In previous articles (“One-to-One: Shifting Perspectives,” August 24, 2006, and “One-to-One: Lessons Learned,” September 7, 2006), I described some of the challenges faced and the lessons learned by trainers and trainees alike when implementing a one-to-one (one computer to one student) program, such as Michigan’s Freedom to Learn (FTL) program. In this article, I’ll focus on the future of such programs.
“We have to keep moving forward. It doesn’t matter how we get there; we just owe it to the children to get there . . .” That’s from Amanda Harthun, lead teacher and “supercoach” from Bear Lake, Michigan. She knows what she’s talking about. Not only has she been involved in one-to-one learning, but she’s also recently completed a paper on her experiences (“Using Ubiquitous Computing to Increase Student Achievement” [June 2006], the conclusion of which was that “students need uninterrupted access to technology, curriculum, and activities that are meaningful to students’ lives, and immediate feedback in order to maximize student achievement.”). When I ask Harthun what she sees as the future of one-to-one learning, she says, “There isn’t any other option. I cannot imagine going backward.”
That’s a sentiment shared by many FTL teachers, coaches, trainers, and administrators. Harthun’s colleague, Sara Harless, is equally adamant: “There’s no turning back. We can’t.” Shawn Massey, from Flint Schools, says, “Even with funding challenges, one-to-one computing will grow. We cannot rely on a single lab for 700 kids and give them a 21 st-century education.” And Chelsea School District’s Scott Wooster makes the point that “The laptop itself is a tool. You’re still teaching curriculum. . . . People use new technology in their jobs. Do we not give them the tools?” If it was up to Harthun and Harless and Massey and Wooster, every student would receive one-to-one learning.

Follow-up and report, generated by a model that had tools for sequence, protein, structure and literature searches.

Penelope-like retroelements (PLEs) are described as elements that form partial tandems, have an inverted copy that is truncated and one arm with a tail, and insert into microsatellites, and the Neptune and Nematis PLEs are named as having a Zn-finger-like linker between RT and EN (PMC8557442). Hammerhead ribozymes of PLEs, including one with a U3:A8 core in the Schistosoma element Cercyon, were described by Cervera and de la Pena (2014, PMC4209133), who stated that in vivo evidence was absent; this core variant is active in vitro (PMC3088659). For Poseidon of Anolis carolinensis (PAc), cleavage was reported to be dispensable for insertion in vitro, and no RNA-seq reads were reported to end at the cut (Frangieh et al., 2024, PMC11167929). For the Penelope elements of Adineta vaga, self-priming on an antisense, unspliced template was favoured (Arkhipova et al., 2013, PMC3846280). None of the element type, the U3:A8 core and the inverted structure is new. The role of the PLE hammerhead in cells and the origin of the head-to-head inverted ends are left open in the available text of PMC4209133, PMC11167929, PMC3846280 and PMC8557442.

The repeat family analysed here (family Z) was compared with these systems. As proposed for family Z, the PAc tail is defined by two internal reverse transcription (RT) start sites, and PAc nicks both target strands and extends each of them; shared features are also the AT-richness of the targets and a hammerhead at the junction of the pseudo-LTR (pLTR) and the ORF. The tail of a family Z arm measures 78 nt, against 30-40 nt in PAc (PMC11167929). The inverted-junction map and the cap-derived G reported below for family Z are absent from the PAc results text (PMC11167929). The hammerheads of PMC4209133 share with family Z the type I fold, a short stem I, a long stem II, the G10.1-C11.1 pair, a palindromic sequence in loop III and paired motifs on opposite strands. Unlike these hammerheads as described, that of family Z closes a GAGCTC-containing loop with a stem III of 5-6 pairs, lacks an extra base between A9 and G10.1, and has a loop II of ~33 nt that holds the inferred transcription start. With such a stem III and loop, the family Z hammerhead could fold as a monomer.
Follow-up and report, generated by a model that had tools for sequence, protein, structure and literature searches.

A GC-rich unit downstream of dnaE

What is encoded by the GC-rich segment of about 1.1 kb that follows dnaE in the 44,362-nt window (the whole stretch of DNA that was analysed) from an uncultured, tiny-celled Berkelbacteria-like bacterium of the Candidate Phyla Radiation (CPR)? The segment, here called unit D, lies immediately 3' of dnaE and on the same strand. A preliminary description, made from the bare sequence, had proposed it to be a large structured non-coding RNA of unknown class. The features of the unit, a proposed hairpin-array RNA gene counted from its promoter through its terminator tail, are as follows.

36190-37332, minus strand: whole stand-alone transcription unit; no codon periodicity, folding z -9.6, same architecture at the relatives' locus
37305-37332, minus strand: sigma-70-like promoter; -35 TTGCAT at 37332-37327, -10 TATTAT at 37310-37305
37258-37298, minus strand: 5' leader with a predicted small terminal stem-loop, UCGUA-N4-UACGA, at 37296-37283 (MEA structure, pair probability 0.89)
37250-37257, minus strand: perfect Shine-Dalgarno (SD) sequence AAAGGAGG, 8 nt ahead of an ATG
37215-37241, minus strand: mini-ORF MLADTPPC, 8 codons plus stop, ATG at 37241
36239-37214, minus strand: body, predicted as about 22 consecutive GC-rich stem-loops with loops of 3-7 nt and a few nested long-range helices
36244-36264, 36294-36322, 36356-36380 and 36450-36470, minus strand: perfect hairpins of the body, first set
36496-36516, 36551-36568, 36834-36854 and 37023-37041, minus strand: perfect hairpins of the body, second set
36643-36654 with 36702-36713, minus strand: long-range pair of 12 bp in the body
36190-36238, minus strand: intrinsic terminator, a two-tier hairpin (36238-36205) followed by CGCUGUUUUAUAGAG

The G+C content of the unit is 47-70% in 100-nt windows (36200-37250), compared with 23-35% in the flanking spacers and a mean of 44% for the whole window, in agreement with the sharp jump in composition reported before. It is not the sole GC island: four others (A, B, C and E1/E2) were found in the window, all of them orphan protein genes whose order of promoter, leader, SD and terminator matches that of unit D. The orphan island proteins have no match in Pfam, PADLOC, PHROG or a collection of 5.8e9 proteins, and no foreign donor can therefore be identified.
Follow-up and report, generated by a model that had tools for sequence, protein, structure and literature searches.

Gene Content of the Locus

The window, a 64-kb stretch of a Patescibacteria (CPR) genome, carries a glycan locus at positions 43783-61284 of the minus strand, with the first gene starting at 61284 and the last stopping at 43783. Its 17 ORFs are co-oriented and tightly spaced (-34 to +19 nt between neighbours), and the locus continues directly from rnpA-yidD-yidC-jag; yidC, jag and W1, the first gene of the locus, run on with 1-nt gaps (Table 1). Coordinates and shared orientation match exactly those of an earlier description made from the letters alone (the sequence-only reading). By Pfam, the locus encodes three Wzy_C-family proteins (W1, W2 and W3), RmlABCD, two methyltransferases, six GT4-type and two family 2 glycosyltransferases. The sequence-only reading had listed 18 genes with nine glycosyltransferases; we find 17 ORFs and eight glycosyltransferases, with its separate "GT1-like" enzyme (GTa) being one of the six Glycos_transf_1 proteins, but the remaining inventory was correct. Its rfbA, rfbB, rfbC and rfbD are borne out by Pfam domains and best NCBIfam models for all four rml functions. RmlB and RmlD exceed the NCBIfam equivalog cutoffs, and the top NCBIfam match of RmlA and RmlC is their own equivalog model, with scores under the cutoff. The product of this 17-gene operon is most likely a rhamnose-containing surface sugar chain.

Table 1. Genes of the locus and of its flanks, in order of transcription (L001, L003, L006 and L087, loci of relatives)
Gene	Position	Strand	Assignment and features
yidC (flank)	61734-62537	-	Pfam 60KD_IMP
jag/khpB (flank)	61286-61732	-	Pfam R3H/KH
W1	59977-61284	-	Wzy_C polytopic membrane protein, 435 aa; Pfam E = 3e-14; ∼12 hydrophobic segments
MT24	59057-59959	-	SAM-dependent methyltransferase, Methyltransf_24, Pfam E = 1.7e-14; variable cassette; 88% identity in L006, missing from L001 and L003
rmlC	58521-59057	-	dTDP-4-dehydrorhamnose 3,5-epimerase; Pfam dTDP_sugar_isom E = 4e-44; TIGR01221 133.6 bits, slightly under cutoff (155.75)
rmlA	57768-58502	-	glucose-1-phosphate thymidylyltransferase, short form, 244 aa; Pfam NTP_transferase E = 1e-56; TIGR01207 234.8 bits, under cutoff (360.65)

But there are difficulties.
One difficulty seems also to be an overriding strength of one-to-one learning: an initial reluctance by some to adopt what in some circles is called “constructivist learning”—learning that’s more student-centered than teacher-centered. This reluctance comes from teachers, parents, and anyone skeptical of deviations from traditional pedagogical norms. A program like Freedom to Learn, a program that strives to give students individual laptops to use 24/7, is exceedingly constructivist because students now have more responsibility—and more access—to find answers to their questions. That responsibility even extends to the actual hardware: Bear Lake’s technology committee discovered that they got more production from students when students brought their laptops home. Not only that, they discovered that students took better care of the laptops when they brought them home.
But it’s not the hardware that’s difficult for some teachers to accept. As Chelsea’s Joe Tinsley says, “The technology is a conduit for the pedagogy. Teachers are teaching differently because of the tools. We’re empowering kids. It’s a different classroom.” That’s a positive for Tinsley, but not so positive for others. Leslie Wilson says that for many teachers, “second-order change is more than moving the furniture around. It’s challenging the core of their belief system.”